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Current ALA: Build A PHP Switcher | Business Entity Options
Current Glamour: Worked For Me
Design: CA Interactive Winners (Communication Arts)
Essentials: The Real Challenge (More Essentials)

17 October 2002
[? | 3 pm]
In yesterday’s Report we alluded to Mozilla’s inability to display all frames of GIF animations in Rollovers. Visit K10k with Mozilla and another browser. Mouse over the navigation buttons at the top left. Compare. (Some readers report that the bug does not occur in their version of Mozilla.) K10k has been reformulated in XHTML. Border attributes for which no compliant workaround has yet been found prevent it from achieving 100% validation. Our concern here is not Mozilla or K10k. Our theme will become clear as you read.

K10k is a layout-intensive site. It achieves its look via presentational XHTML (tables, frames) combined with style sheets, scripting, and images. Such sites would not ordinarily bother converting to XHTML let alone striving to validate. Yet it is precisely sites like K10k that may inspire a second wave of designers to incorporate web standards into their production workflow. When K10k validates, designers will see that it is possible to achieve pixel-precise control using standard markup and code.

Many would argue that pixel-precise control is antithetical to the web’s nature. Certainly, such control means nothing in the context of Lynx, screen readers, Palm Pilots, web phones, etc. But in desktop browsers, it sometimes means everything. To many designers, a few pixels make the difference between a professional effort and a sloppy failure. Many clients agree. Ours, for instance.

These clients want compliance and accessibility. They don’t expect their sites to look the same in 4.0 browsers and new ones. But they’ll fret over subtle rendering differences between IE 6 and Netscape 7. Are their concerns foolish? We think not.

We believe if the top of an image is supposed to align with the top of a block of text, it should do so. Likewise, if 50px of white space helps a visitor distinguish between a content area and a functional, task-oriented area, that 50px means something. Is 43px close enough? Sometimes yes, sometimes no.

In many cases it’s enough that there’s an appreciable block of white space. The amount may be based on ems or percentages. For many designs these loose, flexible values may be perfectly appropriate. But not for other designs. On some sites, precise visual alignments across a page convey an immediate sense of quality assurance. That notion of quality and precision may be a paramount brand value. Flexible, liquid design won’t communicate that brand value as effectively as a perfectly rendered grid.

Old-school pixelism wastes bandwidth on proprietary markup and excessive images and yields bloated, often inaccessible sites.

New-school pixelism provides precision when the design requires it. It does so without sacrificing accessibility or standards compliance and while conserving bandwidth. It is a reasonable alternative to Flash. To hope all designers and clients will one day stop striving for tightly controlled layouts is to miss the chance to persuade those who live and die by the pixel that standards are good for them, too. :::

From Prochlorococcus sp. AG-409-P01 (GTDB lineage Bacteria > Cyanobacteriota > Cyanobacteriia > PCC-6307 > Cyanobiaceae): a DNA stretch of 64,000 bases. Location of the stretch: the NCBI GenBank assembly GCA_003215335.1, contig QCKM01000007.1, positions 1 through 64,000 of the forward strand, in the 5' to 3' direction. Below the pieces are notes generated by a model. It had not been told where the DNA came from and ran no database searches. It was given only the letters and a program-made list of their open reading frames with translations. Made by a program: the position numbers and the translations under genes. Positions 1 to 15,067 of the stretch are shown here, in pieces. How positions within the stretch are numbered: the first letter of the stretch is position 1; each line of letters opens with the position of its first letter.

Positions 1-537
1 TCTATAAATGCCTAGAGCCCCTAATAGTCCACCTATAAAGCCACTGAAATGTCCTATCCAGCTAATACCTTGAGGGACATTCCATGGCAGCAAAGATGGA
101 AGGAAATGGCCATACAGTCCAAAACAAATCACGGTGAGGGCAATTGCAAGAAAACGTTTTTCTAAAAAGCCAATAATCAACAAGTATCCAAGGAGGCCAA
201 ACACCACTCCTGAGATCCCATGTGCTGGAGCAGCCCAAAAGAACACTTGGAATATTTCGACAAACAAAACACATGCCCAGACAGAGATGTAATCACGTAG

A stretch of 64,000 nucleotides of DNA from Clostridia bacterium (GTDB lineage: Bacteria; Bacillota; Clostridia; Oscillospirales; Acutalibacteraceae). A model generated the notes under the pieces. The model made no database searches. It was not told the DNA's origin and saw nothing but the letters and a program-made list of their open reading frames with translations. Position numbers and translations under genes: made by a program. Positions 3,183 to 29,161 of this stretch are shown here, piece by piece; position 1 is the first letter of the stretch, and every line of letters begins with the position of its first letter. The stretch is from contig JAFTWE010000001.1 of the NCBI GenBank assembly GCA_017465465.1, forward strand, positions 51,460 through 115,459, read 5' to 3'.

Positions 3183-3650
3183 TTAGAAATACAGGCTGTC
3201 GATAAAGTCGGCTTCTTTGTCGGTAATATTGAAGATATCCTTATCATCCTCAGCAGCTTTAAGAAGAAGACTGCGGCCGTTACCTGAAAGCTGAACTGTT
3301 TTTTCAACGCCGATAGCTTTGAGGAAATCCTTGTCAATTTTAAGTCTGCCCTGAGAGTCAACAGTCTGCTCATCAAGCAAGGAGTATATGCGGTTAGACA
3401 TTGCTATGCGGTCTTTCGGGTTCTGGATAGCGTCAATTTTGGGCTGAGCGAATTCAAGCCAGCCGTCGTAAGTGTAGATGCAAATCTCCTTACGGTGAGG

16 October 2002
Where have we been? We’ve been digging. Brand development tasks. Final fixes on a site that’s about to launch. Design and production on a new site. Proposals. Book chapters. Client meetings. Preparation for upcoming appearances. Last-minute debugging. We owe phone calls. We owe email replies. We owe our barber a visit.

Now @ Webmonkey: The Secret Life of Markup.

Dori Smith and Tom Negrino’s JavaScript for the World Wide Web Visual Quickstart Guide, 4th Edition, is a handy book to have around, particularly for non-JavaScript experts who want to add interactivity to their work. And the book’s companion site includes plenty of well-targeted JavaScript examples you can grab and use.

CSS layout—and hybrid design that combines CSS with tables—both require trickery to avoid potholes in browser compliance. Eric Meyer has compiled several strategies in one convenient location.

Not content with masterminding the CSS/XHTML Wired Redesign, Douglas Bowman took a deep breath and reformulated his personal site in those technologies. Looks pretty, works great.

GIF animation on Rollovers remains troublesome in Mozilla 1.1. The technique works as expected in Netscape 6.2, IE5, and other common household browsers old and new. But in Mozilla 1.1, when you mouse over an image whose “on” state consists of a multi-frame animation, you see only the last frame. Mozilla supports ECMAScript, CSS, XML, and the DOM. So why the difficulty with GIF animations? Dunno. :::

13 October 2002
[2 pm]
In this week’s double issue of A List Apart, for people who make websites:
        Build A PHP Switcher, by Chris Clark. ALA’s open source style sheet switchers are swell so long as your visitors use DOM-compliant browsers and have JavaScript turned on. But what if they don’t? New ALA author Clark tells how to build a cross-browser, backward-compatible, forward-compatible, standards-compliant style sheet switcher in just five lines of code. Plus:
        This Web Business Part 4: Business Entity Options, by Scott Kramer. You’ve mastered Photoshop, Flash, PHP, CSS, XHTML and JavaScript; studied usability, accessibility, and information architecture; and can fake your way through XML. But there’s more to running a web business than that. Part 4 of a continuing series. :::

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